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Oxford University Press Inc
06 January 1994
Findings from the field of evolutionary biology are yielding dramatic insights for health scientists, especially those involved in the fight against infectious diseases. This book is the first in-depth presentation of these insights. In detailing why the pathogens that cause malaria, smallpox, tuberculosis, and AIDS have their special kinds of deadliness, the book shows how efforts to control virtually all diseases would benefit from a more thorough application of evolutionary principles. When viewed from a Darwinian perspective, a pathogen is not simply a disease-causing agent, it is a self-replicating organism driven by evolutionary pressures to pass on as many copies of itself as possible. In this context, so-called cultural vectors --those aspects of human behavior and the human environment that allow spread of disease from immobilized people--become more important than ever. Interventions to control diseases don't simply hinder their spread but can cause pathogens and the diseases they engender to evolve into more benign forms. In fact, the union of health science with evolutionary biology offers an entirely new dimension to policy making, as the possibility of determining the future course of many diseases becomes a reality. By presenting the first detailed explanation of an evolutionary perspective on infectious disease, the author has achieved a genuine milestone in the synthesis of health science, epidemiology, and evolutionary biology. Written in a clear, accessible style, it is intended for a wide readership among professionals in these fields and general readers interested in science and health.
By:   Paul W. Ewald (Associate Professor of Biology and George E. Burch Smithsonian Fellow of Theoretic Medicine Amherst College Massachusetts)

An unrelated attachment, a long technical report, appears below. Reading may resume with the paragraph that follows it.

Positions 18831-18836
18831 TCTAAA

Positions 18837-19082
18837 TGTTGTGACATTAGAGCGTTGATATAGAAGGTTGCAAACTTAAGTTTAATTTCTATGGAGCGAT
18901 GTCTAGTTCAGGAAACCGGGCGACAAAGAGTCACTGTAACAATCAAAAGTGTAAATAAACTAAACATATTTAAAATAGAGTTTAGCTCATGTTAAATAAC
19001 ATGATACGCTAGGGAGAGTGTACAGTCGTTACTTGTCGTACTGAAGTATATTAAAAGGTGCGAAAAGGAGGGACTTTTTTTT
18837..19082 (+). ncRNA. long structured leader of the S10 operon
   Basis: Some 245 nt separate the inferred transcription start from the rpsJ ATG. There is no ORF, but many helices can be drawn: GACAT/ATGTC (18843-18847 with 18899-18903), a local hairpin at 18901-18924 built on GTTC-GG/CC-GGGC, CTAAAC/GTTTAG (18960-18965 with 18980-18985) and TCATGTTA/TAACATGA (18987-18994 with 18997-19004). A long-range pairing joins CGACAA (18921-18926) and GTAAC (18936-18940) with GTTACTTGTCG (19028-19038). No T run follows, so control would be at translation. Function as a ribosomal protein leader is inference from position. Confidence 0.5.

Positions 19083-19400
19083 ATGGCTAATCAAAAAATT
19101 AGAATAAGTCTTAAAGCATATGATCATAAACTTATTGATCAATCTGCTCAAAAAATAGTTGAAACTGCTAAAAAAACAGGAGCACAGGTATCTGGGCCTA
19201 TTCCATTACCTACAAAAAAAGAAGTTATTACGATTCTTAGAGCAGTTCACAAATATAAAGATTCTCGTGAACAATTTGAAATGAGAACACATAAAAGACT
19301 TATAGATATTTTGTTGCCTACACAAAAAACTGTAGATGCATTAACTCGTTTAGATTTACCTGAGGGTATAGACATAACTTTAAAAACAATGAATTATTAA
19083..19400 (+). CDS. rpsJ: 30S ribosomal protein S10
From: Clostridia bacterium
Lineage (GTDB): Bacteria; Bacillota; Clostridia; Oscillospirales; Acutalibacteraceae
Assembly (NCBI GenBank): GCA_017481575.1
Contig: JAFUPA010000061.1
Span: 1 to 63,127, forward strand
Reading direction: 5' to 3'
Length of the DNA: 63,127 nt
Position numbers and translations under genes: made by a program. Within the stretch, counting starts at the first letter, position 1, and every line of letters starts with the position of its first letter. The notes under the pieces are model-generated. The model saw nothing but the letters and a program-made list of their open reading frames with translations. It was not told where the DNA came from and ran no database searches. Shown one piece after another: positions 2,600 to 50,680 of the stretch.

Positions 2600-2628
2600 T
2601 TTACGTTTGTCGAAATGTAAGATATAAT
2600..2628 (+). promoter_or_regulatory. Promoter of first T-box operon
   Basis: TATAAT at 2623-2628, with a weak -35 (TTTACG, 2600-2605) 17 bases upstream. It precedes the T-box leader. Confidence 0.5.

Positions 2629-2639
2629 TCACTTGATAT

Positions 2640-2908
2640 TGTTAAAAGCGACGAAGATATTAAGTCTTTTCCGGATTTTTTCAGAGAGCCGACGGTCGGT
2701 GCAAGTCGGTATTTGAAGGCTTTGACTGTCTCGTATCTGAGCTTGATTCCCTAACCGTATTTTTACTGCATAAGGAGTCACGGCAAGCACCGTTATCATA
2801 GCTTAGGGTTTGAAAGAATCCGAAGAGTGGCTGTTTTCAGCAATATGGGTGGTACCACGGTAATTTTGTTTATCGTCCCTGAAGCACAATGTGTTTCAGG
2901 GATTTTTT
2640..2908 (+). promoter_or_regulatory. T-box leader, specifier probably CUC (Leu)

Imprint:   Oxford University Press Inc
Country of Publication:   United States
Dimensions:   Height: 242mm,  Width: 163mm,  Spine: 29mm
Weight:   600g
ISBN:   9780195060584
ISBN 10:   019506058X
Pages:   308
Publication Date:   06 January 1994
Audience:   Professional and scholarly ,  Undergraduate
Format:   Hardback
Publisher's Status:   Active
1: Why This Book? 2: Symptomatic Treatment (Or How to Bind The Origin of Species to The Physician's Desk Reference) 3: Vectors, Vertical Transmission, and the Evolution of Virulence 4: How to be Severe without Vectors 5: When Water Moves like a Mosquito 6: Attendant-Borne Transmission (Or How are Doctors and Nurses like Mosquitoes, Machetes, and Moving Water?) 7: War and Disease 8: AIDS: Where Did it Come From and Where is it Going? 9: The Fight Against AIDS: Biomedical Strategies and HIV's Evolutionary Responses 10: A Look Backward... 11: ...And a Glimpse Forward (Or WHO Needs Darwin)

Paul W. Ewald is a professor and Chair of the Biology Department at Amherst College, and holds an adjunct faculty appointment at the University of Massachusetts, Amherst. He has been named the first George E. Burch Fellow of Theoretic Medicine and Affiliated Sciences, a position awarded by the Smithsonian Institution and hosted by the Smithsonian Tropical Institute.

Reviews for Evolution of Infectious Disease

. . .Ewald's enthusiasm for his topic reaches out to the reader from every page. . . . Ewald's book will arouse considerable interest. The topic is important and is presented in a palatable form that will appeal to a wide readership. --Politics and the Life Sciences<br> Paul Ewald, an evolutionary biologist at Amherst College, argues that HIV may have infected people benignly for decades, even centuries, before it started causing AIDS....The idea may sound radical, but it's not just flashy speculation. It reflects a growing awareness that parasites, like everything else in nature, evolve by natural selection. --Newsweek<br> [Ewald] infects both students and colleagues with his enthusiasm. --U.S. News and World Report<br> Of interest to professionals in health science, epidemiology, and evolutionary biology, but also accessible to general readers. --SciTech Book News<br> Important...The arguments in this book are well supported by data. The references are germane, including classical articles and current literature. The book is well written and deserves the attention of biologists, health scientists, and enlightened planners. --The Quarterly Review of Biology<br>


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